Last month, 35,000 workers exposed to benzene -- a chemical known to cause leukemia at higher doses -- were told by the Supreme Court that the government (OSHA) had not provided enough evidence of significant risks to their health to justify reducing their exposure to benzene from the current standard of 10 parts per million down to 1 ppm. The Supreme Court decision was the result of a petrochemical industry lawsuit against OSHA to block the standard.

What OSHA and the Supreme Court did not know -- because the industry had withheld important new evidence form the government -- was that workers at Dow Chemical Co. exposed to less than 10 parts per million had been found by the company's own scientists to have a significant increase in damaged chromosomes.

The results of the study on workers in Freeport, Tex., by Dow genetic toxicologist Dr. Dante Picciano had been written up by June 1977 and sent to three outside Dow consultants who generally agreed with the findings. One consultant, Dr. Marvin Legator, director of environmental toxicology and epidemiology at the University of Texas Medical Schoolat Galveston, has said that "because of the serious implications for worker health, there is no question that the study should have been immediately sent to the government." By July, Picciano's supervisor, Dr. D.J. Kilian, had sent the study to Dow's biomedical research director, Dr. Benjamin Holder, in Midland, Mich., with a memo that stated that the study "identifies an unsuspected occupational health hazzard" and recommended forwarding the results to the government. But in August 1977, when Dow testified at OSHA's benzene standard-setting hearings, the witnesses, including Dow Texas medical director, Dr. John Venable, who had reviewed the study in Une, failed to mention anything about chromosomal damage at exposures below 10 ppm and concluded that the old standard "will continue to protect our employees against any ill effects from benzene exposure."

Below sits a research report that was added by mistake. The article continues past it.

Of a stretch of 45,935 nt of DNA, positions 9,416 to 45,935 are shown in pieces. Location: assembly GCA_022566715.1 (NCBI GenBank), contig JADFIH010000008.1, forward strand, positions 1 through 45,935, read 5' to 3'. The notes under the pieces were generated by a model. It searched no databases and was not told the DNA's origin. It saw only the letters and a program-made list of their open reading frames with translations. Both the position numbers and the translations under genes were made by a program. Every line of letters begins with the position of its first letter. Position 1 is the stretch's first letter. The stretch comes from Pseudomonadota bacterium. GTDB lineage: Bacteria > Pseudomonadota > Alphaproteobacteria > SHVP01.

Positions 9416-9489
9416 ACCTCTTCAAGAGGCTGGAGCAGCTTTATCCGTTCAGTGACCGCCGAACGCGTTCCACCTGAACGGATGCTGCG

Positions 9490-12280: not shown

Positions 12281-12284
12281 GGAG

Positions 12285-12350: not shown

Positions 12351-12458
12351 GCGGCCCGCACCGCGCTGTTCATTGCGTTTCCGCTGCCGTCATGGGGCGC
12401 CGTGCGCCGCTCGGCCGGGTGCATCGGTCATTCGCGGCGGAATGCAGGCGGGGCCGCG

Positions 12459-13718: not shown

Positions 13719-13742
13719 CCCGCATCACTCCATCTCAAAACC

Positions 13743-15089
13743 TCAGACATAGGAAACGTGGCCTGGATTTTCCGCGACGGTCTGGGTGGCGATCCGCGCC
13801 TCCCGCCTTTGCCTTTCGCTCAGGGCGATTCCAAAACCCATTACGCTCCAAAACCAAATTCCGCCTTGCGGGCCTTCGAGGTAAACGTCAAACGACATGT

Not until March 1, 1978, after OSHA had published the final benzene standard and it was too late for inclusion of new data in the administrative record or the subsequent court reviews, did Dr. Holder finally send the study to the Enviromental Protection Agency, stating that Dow had found a "statistically significant increase in [chromosomal] aberrations" in 52 workers whose average benzene exposure the company said was between 2 and 10 parts per million. Twenty-three percent of these workers had chromosomal abnormalities in comparison with only 2.3 percent in comparable Dow workers not exposed to benzene. In other words, chromosomal abnormalities occured 10 times more commonly in those workers exposed to less thatn 10 parts per million of benzene, the current "safe" standard that Dow had said would "protect against any ill effects."

Dow has told the government the reason it "delayed sending in the study was because it did not know what amount of benzene the affected workers had been exposed to, but the average levels at later reported to EPA in March 1978 were the same as those listed in Picciano's report of June 1977.

It is admittedly unclear how many workers with damaged chromosomes will get cancer or will have children with birth defects or mutations. But no worker, given an informed choice, would opt for damaged chomosomes instead of healthy ones, especially with the mounting evidence of increased rates of cancer in people with certain kinds of chromosomal abnormalities.

Given that critical evidence was withheld from OSHA, it is difficult to blame the agency for not doing a better job of quantifying risks under 10 ppm. But now that OSHA has the industry data it should have had much earlier, its director, Dr. Eula Bingham, has said the government will reinitiate the process of lowering the standard to one part per million in order to protect 35,000 workers from being harmed by benzene.

The example of benzene show the conflicting roles industry plays in occupational regulation. Chemical companies have failed to gather or have withheld from OSHA evidence that would strengthen the case for a lower work place standard. Yet when the standard is finalized, industry usually has sued OSHA to block its implementation, arguing that there is inadequate evidence of risk. Ironicaly, while all this is occuring, industry continues to attack OSHA for not adequately protecting workers. Industry thus has both the ability to cripple the collection and prompt dissemination of important health data and the seemingly unlimited tax-deductible financial resources to sue OSHA to stop every standard.

As long as this death grip continues, industry will be able to make its allegation that OSHA is not adequately protecting workers a self-fulfilling prophecy.